Director George A. Romero, renowned for his shoestring Living Dead suite of films that launched the zombie-movie genre, has died at 77 of lung cancer.
Romero's Night of the Living Dead (1968), shot in black-and-white for just over $100,000, grossed $30 million and captivated moviegoers with its subtly artsy, not-so-subtly gory, vision of an undead takeover, and how human beings reacted to it. It was also noteworthy for its use of a black actor as its hero (Duane Jones, 1937-1988).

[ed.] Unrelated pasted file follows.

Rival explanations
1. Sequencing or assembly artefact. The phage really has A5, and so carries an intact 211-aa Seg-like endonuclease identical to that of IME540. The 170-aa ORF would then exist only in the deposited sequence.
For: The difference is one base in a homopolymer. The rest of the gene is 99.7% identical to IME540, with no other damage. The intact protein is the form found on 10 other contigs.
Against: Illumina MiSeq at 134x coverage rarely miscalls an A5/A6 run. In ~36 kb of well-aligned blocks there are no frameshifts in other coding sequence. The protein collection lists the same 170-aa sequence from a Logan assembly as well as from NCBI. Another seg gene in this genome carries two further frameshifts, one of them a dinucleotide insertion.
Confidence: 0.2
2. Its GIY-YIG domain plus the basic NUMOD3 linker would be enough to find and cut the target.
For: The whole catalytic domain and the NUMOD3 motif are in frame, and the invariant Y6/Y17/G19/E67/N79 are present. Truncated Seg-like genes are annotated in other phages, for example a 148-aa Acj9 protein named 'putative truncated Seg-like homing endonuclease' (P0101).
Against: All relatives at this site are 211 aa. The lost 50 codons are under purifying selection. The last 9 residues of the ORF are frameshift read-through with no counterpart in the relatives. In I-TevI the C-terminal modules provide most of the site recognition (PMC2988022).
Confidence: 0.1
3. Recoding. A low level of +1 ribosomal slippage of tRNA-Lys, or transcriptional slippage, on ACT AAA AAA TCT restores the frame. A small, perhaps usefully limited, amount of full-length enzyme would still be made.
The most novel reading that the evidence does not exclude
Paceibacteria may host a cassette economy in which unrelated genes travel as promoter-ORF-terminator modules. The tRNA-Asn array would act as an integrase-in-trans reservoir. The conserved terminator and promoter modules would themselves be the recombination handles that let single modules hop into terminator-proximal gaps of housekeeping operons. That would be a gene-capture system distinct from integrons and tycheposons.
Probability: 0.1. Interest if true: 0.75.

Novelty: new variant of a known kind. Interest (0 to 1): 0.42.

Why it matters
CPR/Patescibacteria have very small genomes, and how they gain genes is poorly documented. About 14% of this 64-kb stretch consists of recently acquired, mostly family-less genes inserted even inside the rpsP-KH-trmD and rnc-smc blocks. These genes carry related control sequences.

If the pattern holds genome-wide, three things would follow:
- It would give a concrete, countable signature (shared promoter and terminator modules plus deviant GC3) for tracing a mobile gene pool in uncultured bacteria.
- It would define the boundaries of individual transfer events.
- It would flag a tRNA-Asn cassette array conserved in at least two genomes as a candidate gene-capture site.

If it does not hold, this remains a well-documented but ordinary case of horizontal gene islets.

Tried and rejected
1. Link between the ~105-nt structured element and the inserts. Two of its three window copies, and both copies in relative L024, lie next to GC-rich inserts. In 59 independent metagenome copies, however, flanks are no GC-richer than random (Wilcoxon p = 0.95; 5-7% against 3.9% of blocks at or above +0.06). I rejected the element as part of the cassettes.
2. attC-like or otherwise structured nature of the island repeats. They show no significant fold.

The others in his zombie series are Dawn of the Dead (1978), Day of the Dead (1985), Land of the Dead (2005), Diary of the Dead (2007) and his final stagger into the genre, Survival of the Dead (2009).
Along with his zombie classics, Romero directed 10 other films, including the throwaway rom com There's Always Vanilla (1971), the lusty witchcraft flick Season of the Witch (1973), the biological warfare cult classic The Crazies (1973), the acclaimed vampire film Martin (1978) and the commercial horror anthology Creepshow (1982), the latter written by Stephen King (b. 1947).
Romero is survived by his wife and two children.